Here are 10 tips to help you compose better trailer music and get your tracks placed in Hollywood trailers.
The trailer music industry is a quite small, but daunting industry – you’re making music for Hollywood trailers, for those big blockbuster movies and games. And if you give it your best when producing music for trailers, and you do it successfully, the reward can be very significant.
So if you’re an aspiring trailer music composer, and want to get your music locked in some of the biggest movie trailers and spots, keep reading. Because here are 10 of my best tips that have helped me get my music and sound design into big trailers and tv spots (Warcraft, Independence Day 2, Starcraft 2, Call of Duty, etc).
As a disclaimer for this article, I am focusing on trailer music that actually gets placed in trailers, resulting in big sums of cash for the composer. You can compose trailer music for the fun of it without any intention of getting licenses, and that’s perfectly fine, but this will be for the composers who want to make a living off it.
But if you have it in your mind to publish your music through a trailer music publisher who can get it in front of trailer houses, and eventually into the actual trailers, this will help you make music they would want to license.
Good luck! See you on the big cinema screen.
It goes like this:
In a few short years or less, you should be seeing messages popping up saying “Congrats, John! Epic Track X just got placed for X-Men 19. That’s $7000 for you, buddy.” on a frequent basis.
If you think you’re gonna make money and live the platinum trailer music composer’s life by making one or two hit tracks and releasing them with a big music publisher, you’re mistaken.
What you want to focus on is quantity with great quality, not obsessing about having a subjective perfect quality.
I need to make this very clear: I’m not saying that you should compromise quality over speed and quantity. If there is a way you can improve your quality, you should definitely do it. But there is a point where if you spend several days more on it, being sort of stuck, it won’t make a big difference – you could have started making other great tracks to push your chances up even further of getting a license. So do NOT compromise quality over quantity. Rather make the track really good and meet the high Hollywood standards, and if the supervisor is happy with it, you continue on to the next one and make that one great.
So: Make the track pro, get feedback and once the supervisor is happy – call it a day for that track and move on to the next one. The supervisor will know what will be successful, and also knows that time is of the essence in this industry.
Your goal is to make a lot of great, qualitative, licensable tracks so that you keep on increasing your chances of succeeding in locking in placements. The more the merrier. If you end up spending thrice as much time on one track to make it “absolutely perfect”, than making three great tracks that might easily place in trailers, you are reducing your chances. There are times when I have spent months working on one or two tracks, getting stuck with them and obsessing over getting satisfied with them, that didn’t do as well as other tracks that I spent 1/4th of the time and effort on that did great.
It’s important to state here that aspiring to make fantastic music isencouraged, and will actually increase your licensing chances, but fervently obsessing over one track won’t in the long run.
If you don’t want to plagiarize melodies, sounds, and so on, but still be very successful, using other successful trailer cues’ structures is nowhere near plagiarizing. It is the way to go when you’re starting out producing serious trailer music.
You’re taking already established structures that thousands of composers already use profitably, and applying it on your own tracks, with your own melodies and ideas. Put in what ever you want in the track, just try to keep the structure sensible in the framework of how the actual trailers are structured (analyze structures of actual trailer music tracks as well).
I’m not talking about ripping off the main content of tracks, but the structure that makes sense in a cinematic trailer. Editors look for tracks that fit this formula.
Here is a structure you can use that work for most main trailer tracks. This is taken from the trailer music online course in our Evenant school The Aspiring Trailer Music Composer which you can sign up for once it will be public this month, so subscribe for notification on when! # stands for a short break, so the parts are nicely separated allowing editors to use the parts they need:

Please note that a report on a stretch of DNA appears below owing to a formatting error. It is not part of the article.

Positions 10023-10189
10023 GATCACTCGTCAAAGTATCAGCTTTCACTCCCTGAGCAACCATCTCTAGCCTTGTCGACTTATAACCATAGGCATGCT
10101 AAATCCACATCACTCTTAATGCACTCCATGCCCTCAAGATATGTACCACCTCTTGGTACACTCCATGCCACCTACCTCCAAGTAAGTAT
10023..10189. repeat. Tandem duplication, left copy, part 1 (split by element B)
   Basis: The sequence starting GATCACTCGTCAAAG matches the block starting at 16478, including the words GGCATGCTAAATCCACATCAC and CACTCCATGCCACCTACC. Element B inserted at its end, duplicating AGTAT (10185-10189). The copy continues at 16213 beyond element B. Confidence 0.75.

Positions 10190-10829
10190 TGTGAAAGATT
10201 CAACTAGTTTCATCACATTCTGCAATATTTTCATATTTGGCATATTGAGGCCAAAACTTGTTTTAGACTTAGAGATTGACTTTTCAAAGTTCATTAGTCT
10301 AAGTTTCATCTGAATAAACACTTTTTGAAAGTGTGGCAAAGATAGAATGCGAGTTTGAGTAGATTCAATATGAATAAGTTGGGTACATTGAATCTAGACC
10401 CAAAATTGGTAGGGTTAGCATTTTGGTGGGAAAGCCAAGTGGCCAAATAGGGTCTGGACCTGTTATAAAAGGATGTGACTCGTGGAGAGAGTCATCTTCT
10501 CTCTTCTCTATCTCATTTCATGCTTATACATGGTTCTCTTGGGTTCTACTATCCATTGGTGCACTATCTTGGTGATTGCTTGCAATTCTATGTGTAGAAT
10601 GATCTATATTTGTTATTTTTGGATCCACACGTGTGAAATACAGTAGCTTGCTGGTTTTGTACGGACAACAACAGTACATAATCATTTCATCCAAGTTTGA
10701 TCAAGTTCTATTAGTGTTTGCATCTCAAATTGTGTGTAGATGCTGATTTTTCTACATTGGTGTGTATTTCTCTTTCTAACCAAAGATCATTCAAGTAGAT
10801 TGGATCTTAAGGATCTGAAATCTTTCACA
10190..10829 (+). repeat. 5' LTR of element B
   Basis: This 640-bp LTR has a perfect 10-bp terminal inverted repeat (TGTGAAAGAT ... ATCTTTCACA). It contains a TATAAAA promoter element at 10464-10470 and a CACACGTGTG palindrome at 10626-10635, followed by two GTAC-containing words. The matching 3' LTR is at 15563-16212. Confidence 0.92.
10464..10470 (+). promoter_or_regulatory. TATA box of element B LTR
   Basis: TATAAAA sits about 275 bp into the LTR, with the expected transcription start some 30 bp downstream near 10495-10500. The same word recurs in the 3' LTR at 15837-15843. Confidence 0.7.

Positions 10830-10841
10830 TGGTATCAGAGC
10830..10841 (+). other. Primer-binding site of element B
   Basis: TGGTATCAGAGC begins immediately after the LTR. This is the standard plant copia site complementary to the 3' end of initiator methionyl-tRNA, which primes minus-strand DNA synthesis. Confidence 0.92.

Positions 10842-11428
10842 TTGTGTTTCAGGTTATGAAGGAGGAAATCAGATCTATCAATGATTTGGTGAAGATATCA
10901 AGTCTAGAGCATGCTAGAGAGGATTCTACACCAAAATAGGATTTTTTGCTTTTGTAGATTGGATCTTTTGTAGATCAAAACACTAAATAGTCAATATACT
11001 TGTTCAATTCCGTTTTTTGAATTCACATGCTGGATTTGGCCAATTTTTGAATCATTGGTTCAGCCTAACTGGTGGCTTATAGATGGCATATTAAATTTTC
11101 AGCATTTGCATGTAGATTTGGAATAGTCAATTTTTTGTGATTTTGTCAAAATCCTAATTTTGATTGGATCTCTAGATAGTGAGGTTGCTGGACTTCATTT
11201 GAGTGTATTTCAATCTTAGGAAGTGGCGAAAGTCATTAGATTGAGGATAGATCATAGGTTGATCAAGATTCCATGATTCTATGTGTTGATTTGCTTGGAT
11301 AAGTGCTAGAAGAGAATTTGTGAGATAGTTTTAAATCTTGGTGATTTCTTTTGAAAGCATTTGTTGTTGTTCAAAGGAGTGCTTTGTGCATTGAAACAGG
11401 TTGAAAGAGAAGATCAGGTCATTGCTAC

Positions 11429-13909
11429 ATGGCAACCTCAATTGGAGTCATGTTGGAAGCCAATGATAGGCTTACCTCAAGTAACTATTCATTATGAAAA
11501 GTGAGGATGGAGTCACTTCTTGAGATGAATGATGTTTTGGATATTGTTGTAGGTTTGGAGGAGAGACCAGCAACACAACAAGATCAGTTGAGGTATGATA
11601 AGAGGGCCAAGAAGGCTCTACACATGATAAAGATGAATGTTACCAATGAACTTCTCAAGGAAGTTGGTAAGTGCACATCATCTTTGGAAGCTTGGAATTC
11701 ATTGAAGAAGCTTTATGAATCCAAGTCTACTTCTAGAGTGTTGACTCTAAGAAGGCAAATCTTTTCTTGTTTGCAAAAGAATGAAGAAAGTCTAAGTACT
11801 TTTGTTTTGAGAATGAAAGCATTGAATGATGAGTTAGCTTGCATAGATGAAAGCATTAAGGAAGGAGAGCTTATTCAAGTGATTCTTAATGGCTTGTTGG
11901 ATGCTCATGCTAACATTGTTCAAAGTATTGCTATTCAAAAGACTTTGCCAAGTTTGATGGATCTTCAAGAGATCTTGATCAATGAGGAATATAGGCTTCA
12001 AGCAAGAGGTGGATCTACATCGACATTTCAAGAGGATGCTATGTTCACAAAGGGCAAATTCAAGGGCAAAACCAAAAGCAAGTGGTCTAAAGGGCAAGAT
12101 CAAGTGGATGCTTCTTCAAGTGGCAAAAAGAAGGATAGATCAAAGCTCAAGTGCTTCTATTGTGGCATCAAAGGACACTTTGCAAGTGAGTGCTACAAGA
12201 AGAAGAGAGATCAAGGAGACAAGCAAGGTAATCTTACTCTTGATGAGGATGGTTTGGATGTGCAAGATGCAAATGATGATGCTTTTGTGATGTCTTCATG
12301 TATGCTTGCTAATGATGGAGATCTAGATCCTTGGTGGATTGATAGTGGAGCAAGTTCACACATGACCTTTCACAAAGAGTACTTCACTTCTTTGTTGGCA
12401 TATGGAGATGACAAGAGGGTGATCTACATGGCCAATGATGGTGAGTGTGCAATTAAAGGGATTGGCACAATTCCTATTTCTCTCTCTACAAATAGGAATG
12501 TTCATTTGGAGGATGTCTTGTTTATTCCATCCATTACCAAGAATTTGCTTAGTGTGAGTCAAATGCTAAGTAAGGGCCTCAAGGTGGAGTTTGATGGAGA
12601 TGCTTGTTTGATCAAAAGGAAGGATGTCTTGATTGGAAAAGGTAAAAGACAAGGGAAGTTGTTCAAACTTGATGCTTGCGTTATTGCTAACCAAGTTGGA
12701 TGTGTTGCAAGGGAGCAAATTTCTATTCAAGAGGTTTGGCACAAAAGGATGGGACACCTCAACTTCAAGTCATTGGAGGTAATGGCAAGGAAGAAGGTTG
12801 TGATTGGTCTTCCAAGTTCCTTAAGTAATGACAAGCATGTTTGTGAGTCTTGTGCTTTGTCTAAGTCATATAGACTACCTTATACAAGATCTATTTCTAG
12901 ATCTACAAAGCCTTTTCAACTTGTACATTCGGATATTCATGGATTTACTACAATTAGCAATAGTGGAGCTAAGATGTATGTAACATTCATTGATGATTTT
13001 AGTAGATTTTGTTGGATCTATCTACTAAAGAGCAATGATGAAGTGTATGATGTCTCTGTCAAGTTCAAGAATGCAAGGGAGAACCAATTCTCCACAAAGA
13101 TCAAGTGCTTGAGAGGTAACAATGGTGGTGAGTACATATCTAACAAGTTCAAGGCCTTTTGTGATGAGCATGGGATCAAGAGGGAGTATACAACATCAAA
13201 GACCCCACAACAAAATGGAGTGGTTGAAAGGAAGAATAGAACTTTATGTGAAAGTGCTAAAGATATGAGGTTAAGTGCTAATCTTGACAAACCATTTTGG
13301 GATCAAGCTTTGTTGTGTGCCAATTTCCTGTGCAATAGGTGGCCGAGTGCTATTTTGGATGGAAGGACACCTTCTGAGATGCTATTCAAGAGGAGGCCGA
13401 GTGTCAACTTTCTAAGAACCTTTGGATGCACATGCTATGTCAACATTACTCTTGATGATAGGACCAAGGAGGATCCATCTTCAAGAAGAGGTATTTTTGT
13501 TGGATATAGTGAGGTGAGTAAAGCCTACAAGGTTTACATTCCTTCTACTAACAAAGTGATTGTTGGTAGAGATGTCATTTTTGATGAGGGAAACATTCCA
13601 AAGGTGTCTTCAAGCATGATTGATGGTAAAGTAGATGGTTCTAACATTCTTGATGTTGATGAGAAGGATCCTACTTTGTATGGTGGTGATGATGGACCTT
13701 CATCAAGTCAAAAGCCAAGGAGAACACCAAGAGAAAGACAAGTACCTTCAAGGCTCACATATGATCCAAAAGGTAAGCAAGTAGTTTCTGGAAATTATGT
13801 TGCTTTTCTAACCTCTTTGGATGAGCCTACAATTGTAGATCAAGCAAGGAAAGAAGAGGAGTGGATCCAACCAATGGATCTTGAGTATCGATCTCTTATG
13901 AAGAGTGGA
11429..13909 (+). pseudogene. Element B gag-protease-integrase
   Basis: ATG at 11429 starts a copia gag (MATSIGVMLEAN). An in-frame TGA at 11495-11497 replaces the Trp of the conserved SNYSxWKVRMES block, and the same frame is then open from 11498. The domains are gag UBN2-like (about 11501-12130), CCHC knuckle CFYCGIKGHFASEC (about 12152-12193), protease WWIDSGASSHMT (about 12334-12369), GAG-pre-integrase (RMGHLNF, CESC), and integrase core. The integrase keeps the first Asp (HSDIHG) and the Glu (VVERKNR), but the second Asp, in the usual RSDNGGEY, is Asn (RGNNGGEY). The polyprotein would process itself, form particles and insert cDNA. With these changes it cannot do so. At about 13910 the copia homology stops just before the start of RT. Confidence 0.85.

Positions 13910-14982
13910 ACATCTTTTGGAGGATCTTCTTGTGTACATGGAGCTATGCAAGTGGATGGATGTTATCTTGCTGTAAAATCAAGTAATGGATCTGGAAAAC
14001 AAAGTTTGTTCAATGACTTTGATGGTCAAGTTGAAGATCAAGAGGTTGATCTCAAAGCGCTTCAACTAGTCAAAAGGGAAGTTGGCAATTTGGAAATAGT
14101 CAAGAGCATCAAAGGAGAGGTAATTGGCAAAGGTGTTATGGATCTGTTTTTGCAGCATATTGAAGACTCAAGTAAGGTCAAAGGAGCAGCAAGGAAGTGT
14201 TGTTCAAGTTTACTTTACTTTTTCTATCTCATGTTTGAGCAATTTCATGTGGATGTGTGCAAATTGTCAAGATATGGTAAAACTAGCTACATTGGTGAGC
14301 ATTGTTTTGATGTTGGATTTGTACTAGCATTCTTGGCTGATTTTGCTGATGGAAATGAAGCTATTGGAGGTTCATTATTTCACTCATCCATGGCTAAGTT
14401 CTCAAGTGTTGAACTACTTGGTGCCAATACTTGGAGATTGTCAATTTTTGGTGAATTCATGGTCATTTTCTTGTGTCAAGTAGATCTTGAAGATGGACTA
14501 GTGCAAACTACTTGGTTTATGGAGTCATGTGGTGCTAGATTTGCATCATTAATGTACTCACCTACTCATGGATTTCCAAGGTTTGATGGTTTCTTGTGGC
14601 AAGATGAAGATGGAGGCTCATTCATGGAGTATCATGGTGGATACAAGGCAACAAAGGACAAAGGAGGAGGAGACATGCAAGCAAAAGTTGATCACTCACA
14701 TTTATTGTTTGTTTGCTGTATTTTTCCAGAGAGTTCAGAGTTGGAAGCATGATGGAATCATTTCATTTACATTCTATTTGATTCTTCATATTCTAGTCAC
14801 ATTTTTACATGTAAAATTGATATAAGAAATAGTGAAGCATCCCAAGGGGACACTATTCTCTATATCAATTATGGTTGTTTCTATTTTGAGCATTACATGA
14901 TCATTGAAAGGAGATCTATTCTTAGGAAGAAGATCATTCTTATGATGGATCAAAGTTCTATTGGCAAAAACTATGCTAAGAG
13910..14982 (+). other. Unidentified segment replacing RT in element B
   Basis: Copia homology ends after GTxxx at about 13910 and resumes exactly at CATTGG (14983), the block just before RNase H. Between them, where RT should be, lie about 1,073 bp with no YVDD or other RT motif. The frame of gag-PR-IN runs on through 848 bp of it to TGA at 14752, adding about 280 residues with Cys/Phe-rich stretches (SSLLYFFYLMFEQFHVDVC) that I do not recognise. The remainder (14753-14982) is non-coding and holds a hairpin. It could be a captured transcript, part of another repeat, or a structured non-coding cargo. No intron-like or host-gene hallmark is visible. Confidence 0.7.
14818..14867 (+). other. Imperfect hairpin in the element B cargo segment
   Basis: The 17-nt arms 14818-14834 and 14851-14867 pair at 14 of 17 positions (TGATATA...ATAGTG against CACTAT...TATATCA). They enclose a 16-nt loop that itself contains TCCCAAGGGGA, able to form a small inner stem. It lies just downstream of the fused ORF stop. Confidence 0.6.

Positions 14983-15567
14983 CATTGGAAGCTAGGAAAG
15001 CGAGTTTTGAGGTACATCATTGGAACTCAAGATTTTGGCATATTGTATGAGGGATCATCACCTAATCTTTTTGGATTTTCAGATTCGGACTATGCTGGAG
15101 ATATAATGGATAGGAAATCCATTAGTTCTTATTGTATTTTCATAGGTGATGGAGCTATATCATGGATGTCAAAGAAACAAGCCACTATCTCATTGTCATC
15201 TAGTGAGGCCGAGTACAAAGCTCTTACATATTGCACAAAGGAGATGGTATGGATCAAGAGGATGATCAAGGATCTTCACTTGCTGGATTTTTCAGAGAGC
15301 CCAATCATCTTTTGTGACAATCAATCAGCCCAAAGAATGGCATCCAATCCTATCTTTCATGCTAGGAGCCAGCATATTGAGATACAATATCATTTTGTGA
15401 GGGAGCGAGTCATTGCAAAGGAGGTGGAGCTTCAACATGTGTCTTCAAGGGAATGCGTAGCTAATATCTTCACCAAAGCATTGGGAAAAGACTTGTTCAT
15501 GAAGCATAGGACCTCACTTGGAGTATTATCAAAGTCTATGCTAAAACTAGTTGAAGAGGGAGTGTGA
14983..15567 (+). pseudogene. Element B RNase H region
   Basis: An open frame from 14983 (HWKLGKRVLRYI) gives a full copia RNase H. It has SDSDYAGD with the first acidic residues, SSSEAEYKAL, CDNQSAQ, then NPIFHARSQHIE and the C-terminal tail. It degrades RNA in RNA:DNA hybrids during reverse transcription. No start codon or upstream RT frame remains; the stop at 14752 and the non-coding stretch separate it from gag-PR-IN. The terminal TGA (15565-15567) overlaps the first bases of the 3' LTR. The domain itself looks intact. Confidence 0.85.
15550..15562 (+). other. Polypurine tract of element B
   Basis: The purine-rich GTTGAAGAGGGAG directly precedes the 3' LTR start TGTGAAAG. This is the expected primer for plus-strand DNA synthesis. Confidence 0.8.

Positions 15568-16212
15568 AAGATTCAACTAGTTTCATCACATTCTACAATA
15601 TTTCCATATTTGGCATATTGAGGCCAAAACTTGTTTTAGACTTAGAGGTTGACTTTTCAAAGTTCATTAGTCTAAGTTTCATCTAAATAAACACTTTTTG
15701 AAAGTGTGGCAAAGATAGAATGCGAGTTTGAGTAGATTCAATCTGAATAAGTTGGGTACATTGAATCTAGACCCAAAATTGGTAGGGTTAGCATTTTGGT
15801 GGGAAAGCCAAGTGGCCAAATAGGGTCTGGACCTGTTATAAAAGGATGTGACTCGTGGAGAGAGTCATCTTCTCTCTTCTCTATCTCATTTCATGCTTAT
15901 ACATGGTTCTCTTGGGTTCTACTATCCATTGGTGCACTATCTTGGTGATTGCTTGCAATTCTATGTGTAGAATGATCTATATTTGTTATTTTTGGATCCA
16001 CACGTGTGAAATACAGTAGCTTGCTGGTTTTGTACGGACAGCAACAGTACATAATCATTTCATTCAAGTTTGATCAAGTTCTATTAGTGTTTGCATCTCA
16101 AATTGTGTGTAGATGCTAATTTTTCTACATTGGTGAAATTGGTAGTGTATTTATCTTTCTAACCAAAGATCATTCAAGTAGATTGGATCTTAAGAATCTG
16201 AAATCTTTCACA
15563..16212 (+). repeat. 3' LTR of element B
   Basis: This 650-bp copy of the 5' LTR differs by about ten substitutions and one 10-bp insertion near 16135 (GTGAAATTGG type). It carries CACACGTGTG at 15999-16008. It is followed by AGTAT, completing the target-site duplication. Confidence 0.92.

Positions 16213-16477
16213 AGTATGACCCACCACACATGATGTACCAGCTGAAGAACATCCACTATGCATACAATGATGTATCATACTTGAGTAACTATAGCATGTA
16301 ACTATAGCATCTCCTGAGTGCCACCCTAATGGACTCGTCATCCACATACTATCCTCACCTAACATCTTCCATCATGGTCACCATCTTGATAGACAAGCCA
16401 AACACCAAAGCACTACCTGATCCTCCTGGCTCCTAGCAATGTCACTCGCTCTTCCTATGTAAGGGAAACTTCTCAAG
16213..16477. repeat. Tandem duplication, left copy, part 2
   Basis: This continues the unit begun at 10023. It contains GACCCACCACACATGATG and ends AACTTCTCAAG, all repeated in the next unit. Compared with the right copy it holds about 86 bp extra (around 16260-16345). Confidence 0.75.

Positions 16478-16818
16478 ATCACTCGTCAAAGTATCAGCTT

So go and find a great trailer cue, check tempo, length of track, what parts it consists of (intro, build up, climax 1, etc) and just take the structure the composer did on that and start writing your own music with that structure in mind.
Trailer music is music on steroids. While you should use clean and clear-cutting sounds, you should always keep this in mind: Trailer music is supposed to be very exciting, powerful and energetic, or when it’s big and building up slowly it should end up very bold and mighty.
In selecting your sounds then, you should always remember to use the most powerful of the sounds you have. Start with a strong source sound and you make the job a lot easier. This goes for all of the elements in your track; brass, hits, percussion, strings, synths, and so on.
If you start building the majority of your music on quieter, less powerful sounds, it’s going to be very hard to get it to a level of intense excitement. It’s like you’re building a tall building with a frail foundation. So instead, build it with a strong foundation, and the building will stand tall and strong. Same goes with trailer music – use powerful source sounds, and the track will be much more powerful and big.
Limiting yourself never sounds like good advice, does it? In this case, however, it does make some sense. Hear me out:
Let’s say you have a cue with 60 instrument and audio tracks, all doing crazy stuff – crazy, but cool. And busy. Now, this cue is probably cool and original, but is it licensable? We want licenses here. So instead, imagine that you limit yourself to the usage of only a few select elements in the track; hits, simple transitions, strings, brass, perc bed and a few synths.
All of the sudden, you have to utilize these to the best of your ability, and make them all shine as much as they can together. Bringing a few elements to unity, making them work as best as they can in the manner they should be working. This is what creates great tracks – not having all the options in the world, but by limiting what you have in your disposal, so you can do more with less.
Some of my most successful tracks, that have gotten into big Hollywood film and triple A game trailers have been very simple, but powerful tracks with cool sounds (not a lot of sounds, just unique ones!).
Only after going out of a mindset like this can you really start getting truly creative with sounds, and understand them more, so you can compose unique trailer music. I think this goes for any creative endeavour.